Often the numbers don’t add up in favor of rural Minnesota.

For example, rural counties have many miles of highways, but often not the tax base to keep them in perfect shape. Rural Minnesotans have the need for broadband internet, yet not the population density to justify expansion into sparse areas. Rural residents have the same retail needs as all Minnesotans, yet business consolidation trends often leave small towns with their small base of consumers out of the retail picture.

The numbers also don’t favor quality basic services, yet rural residents still expect the same level as people in Minnesota’s more concentrated cities where the numbers do add up.

The reason for this is largely due to the idea known as the “Minnesota Miracle.” In 1971 lawmakers created a new way to pay for local schools and governments, equalizing fiscal disparities among school districts and local government by sharing state tax dollars.

In small communities, the per capita cost of providing basic services and educating children is higher than in larger, more affluent communities. The model made it more viable to live in small towns and rural areas by providing state dollars to help keep the services closer to the same level as metropolitan areas.

It also raised expectations of equal service throughout the state.

However, rural governments are finding it isn’t always easy to provide those services while keeping local taxes within reason. Budgets are being stretched and it is tougher to find volunteers to handle services that are staffed by paid personnel in larger cities.

Ambulance services are the most visible service that is in jeopardy as our news stories have reported city councils in nearly every city in the region are concerned about a shrinking number of volunteer emergency medical technicians (EMTs). Many cities, such as Rushford and Spring Valley, have received permission to use firefighters who are first responders to drive ambulances on calls.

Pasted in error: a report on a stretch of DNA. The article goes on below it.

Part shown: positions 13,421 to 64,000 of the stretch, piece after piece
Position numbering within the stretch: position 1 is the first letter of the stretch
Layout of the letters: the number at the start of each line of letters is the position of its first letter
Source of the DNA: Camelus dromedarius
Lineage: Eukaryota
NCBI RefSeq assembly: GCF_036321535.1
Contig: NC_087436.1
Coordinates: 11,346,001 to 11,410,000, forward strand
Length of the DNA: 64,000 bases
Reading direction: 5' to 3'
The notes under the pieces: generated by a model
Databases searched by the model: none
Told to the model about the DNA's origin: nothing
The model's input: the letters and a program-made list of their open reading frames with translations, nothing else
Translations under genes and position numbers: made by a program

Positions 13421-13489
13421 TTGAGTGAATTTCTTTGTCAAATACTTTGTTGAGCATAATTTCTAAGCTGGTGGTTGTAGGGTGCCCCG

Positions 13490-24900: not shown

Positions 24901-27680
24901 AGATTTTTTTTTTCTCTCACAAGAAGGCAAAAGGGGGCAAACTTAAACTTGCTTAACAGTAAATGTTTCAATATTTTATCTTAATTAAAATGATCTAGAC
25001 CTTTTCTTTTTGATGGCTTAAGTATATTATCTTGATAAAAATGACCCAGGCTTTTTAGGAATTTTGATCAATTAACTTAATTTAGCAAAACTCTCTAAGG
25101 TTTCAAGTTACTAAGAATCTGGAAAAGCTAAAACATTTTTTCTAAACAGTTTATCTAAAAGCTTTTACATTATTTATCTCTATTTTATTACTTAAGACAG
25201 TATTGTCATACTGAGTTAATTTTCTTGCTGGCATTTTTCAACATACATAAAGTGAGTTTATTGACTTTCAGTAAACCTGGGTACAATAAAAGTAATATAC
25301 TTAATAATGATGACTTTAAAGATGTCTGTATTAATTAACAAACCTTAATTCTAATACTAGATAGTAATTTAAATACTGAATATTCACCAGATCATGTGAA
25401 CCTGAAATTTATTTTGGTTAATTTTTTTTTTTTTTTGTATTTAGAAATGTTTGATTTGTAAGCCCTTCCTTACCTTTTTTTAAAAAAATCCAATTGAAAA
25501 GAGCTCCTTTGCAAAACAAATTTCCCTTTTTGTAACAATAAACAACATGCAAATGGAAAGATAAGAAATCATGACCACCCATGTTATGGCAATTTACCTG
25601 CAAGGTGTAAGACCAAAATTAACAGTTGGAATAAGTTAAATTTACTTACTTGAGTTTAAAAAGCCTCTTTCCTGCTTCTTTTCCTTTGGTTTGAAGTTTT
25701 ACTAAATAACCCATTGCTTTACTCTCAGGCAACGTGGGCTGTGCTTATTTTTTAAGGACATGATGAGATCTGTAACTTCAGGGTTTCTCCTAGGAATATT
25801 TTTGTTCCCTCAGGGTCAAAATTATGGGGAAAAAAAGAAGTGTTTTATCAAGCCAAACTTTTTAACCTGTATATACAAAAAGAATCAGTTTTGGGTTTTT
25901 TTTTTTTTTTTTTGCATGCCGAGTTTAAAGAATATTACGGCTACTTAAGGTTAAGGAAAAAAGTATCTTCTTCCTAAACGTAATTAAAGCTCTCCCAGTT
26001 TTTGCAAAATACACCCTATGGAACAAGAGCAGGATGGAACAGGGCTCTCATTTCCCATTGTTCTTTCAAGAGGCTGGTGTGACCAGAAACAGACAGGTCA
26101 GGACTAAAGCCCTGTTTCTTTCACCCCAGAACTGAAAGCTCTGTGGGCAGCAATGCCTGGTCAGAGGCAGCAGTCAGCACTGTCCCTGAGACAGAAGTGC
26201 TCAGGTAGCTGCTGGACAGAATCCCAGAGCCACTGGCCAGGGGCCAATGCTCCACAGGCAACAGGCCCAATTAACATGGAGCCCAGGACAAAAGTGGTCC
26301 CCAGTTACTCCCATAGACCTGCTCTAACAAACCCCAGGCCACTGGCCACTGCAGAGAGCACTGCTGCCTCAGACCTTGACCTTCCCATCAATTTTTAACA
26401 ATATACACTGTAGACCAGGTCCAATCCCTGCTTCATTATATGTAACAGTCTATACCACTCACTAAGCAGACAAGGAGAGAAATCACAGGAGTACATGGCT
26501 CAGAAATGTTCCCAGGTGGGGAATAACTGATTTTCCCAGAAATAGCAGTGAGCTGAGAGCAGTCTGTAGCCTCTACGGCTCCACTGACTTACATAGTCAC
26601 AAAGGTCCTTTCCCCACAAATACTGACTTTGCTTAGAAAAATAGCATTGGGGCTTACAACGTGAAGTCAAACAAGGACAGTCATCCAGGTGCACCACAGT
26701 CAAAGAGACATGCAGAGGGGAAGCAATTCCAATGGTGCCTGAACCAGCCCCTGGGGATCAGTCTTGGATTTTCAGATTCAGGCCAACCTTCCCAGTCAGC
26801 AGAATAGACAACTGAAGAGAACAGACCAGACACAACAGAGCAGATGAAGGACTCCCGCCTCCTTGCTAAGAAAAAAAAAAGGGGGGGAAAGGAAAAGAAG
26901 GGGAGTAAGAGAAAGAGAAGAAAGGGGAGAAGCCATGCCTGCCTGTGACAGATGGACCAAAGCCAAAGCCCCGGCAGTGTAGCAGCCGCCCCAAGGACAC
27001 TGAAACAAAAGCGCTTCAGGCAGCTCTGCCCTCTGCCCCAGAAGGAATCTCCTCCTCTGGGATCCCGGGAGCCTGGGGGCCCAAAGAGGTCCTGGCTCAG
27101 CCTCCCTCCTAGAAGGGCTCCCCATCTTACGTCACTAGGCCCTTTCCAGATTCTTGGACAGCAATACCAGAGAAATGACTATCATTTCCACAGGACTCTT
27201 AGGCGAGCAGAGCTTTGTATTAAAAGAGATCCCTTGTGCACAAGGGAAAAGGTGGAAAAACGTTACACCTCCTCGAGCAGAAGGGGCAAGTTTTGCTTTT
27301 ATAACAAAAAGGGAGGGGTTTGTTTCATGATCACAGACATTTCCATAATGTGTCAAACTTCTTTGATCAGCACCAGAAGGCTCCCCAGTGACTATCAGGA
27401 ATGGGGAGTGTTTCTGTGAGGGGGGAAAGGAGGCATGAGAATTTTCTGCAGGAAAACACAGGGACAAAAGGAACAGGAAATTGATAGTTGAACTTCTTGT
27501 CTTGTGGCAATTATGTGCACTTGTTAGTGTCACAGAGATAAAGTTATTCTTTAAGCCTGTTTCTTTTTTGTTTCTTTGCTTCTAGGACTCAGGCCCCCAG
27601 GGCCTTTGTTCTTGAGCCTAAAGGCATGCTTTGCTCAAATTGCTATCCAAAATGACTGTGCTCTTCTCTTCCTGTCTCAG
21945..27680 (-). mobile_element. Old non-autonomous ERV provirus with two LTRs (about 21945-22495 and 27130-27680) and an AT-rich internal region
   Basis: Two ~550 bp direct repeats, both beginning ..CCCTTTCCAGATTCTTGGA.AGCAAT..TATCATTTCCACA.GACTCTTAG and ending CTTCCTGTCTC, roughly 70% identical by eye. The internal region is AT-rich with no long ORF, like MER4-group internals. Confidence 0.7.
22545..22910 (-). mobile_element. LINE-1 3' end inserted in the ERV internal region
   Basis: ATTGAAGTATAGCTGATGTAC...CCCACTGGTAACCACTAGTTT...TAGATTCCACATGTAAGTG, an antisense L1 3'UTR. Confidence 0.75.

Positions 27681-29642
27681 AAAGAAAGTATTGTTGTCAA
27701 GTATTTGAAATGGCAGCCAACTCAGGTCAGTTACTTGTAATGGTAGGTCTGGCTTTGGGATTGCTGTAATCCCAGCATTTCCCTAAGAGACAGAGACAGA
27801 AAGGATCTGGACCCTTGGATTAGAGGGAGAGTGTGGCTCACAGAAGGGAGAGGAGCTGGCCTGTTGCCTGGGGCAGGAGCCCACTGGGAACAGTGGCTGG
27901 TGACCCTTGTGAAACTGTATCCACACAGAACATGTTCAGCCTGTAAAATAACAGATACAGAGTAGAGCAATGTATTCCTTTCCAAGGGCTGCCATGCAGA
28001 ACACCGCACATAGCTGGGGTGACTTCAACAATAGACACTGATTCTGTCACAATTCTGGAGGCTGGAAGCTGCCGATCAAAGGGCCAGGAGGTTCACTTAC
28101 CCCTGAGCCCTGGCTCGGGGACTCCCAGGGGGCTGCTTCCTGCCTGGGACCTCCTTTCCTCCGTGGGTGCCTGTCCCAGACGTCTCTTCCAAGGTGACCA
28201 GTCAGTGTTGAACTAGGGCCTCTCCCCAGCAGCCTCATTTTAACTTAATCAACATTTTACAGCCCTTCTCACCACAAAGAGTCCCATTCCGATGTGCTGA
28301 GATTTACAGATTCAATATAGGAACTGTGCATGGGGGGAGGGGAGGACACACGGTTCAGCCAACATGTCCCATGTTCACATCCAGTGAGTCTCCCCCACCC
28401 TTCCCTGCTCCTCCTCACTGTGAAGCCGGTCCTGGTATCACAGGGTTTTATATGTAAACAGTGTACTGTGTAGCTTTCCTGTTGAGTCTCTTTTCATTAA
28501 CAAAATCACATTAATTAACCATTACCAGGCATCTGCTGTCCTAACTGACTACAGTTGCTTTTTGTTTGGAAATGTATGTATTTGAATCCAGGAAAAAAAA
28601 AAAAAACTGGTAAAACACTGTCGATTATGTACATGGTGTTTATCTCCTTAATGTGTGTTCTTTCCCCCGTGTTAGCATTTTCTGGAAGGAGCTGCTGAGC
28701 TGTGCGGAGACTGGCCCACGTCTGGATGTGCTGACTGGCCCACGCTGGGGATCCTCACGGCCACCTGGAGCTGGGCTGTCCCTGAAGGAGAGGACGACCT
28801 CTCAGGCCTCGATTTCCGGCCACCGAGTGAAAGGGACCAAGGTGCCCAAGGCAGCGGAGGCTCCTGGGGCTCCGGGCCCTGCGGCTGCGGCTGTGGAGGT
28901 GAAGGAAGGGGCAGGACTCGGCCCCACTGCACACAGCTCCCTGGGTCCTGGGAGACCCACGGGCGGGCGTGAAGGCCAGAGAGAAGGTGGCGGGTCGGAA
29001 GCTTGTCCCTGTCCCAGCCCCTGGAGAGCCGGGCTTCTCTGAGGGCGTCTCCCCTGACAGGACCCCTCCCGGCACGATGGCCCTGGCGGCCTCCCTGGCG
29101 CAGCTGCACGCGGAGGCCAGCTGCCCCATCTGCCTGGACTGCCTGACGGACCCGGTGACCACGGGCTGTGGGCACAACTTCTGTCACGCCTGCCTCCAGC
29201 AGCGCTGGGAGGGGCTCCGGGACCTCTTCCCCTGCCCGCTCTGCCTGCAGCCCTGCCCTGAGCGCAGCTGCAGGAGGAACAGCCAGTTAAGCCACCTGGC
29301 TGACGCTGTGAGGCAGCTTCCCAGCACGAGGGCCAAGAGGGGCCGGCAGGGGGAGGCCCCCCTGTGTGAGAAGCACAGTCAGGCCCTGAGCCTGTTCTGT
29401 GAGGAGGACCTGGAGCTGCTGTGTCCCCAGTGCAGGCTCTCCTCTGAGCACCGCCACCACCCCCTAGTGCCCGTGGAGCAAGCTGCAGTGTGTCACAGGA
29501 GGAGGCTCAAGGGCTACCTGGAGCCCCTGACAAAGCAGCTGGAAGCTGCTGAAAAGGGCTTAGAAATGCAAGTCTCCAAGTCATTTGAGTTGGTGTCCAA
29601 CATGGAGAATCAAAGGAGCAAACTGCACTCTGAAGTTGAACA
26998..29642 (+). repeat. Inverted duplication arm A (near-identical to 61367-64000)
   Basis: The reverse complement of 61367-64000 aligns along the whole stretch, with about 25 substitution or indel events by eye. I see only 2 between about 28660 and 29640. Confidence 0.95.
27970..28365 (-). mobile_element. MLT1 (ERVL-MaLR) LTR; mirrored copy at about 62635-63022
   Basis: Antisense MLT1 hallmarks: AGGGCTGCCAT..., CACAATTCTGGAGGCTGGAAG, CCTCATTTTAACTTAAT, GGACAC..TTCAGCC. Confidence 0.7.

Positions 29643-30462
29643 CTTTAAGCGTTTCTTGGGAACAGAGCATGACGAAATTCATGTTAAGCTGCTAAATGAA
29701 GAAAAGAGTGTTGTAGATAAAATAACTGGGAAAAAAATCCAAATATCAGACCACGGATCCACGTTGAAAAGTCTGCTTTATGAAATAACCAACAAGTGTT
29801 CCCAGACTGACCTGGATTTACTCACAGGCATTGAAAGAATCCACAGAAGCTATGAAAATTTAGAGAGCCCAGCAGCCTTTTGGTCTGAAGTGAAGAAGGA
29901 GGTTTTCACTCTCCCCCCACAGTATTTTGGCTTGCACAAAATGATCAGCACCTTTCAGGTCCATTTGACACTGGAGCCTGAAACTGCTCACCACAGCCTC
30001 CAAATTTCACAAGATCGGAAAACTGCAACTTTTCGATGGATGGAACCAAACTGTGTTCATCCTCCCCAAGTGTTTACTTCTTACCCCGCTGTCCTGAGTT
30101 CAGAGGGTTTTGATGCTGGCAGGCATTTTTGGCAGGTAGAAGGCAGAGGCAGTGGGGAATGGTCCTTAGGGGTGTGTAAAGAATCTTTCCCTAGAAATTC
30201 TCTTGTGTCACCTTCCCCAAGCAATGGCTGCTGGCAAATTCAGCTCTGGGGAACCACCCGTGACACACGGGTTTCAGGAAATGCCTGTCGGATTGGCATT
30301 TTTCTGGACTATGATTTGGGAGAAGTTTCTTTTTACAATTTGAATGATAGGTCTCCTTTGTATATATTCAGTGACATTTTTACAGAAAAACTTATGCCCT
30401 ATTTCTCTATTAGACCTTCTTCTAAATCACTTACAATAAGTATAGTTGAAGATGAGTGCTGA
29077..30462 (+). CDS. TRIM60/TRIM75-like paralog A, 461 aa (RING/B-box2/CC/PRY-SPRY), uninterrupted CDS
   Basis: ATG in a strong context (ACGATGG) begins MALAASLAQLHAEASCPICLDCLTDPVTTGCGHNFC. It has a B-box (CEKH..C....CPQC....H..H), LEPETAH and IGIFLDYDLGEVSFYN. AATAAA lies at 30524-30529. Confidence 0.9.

The numbers don’t look encouraging:

• An emergency can happen at any moment, meaning rural ambulance services have to have people on call 24 hours a day, seven days a week. That is 8,736 hours a year to be covered by volunteers from a small population base.

• Volunteers for rural services are paid less than a quarter of the minimum wage and the minimum wage is far less than what these intelligent volunteers, who need to pass complex certification exams, could get from another professional job.

• If cities were to pay their ambulance personnel a going market rate, it would devastate their budgets, requiring massive tax increases.

• Although staffing needs to be 24/7, there aren’t many calls in rural areas to pay for services. Spring Valley had just over 400 runs last year, or slightly more than one a day, while Lanesboro had a record 114 calls last year. In addition, ambulance services have many write-offs due to inability to pay and many rural patients rely on Medicare, which caps the amount reimbursed for calls.

• Consolidation works in many industries, but EMTs are needed close by to respond quickly. People in emergency situations wouldn’t expect to wait 30 or more minutes for an ambulance from a distant city to show up.

• Demographics aren’t favorable either as rural Minnesota is aging. The most dedicated volunteers are older people, but they are retiring and replacements aren’t as willing to step forward and those that do aren’t working nearly the same number of hours.

The numbers may add up to a bleak sum, but it isn’t a crisis — yet. Rural ambulance services are responding to emergencies with qualified personnel meeting the stringent guidelines of Minnesota.

However, the numbers show a note of caution is in order.

There are no easy answers, but State Rep. Jeff Backer, R-Browns Valley, is seeking to financially reward volunteer ambulance personnel once they hit 50 years of age and have at least five service credits. His bill would appropriate $2 million for the Cooper/Sams Volunteer Ambulance Award in the upcoming biennium and $3 million would be appropriated for a trust account in fiscal year 2018.

The payments aren’t a pension, but rather a lump sum. Each credit is worth $447.19, according to the Emergency Medical Services Regulatory Board website.

Backer is a volunteer with his rural ambulance crew and has seen the pressures build on retaining and recruiting volunteers.

Still, it is uncertain how much that will help rural ambulance services across the state even if it became law.

In the meantime, thank a volunteer on your local ambulance service. They are sacrificing their leisure time to ensure rural Minnesota remains at the same standard as our metro counterparts served by fully staffed emergency teams.

Not only are ambulance service volunteers enhancing our quality of life — they are saving lives.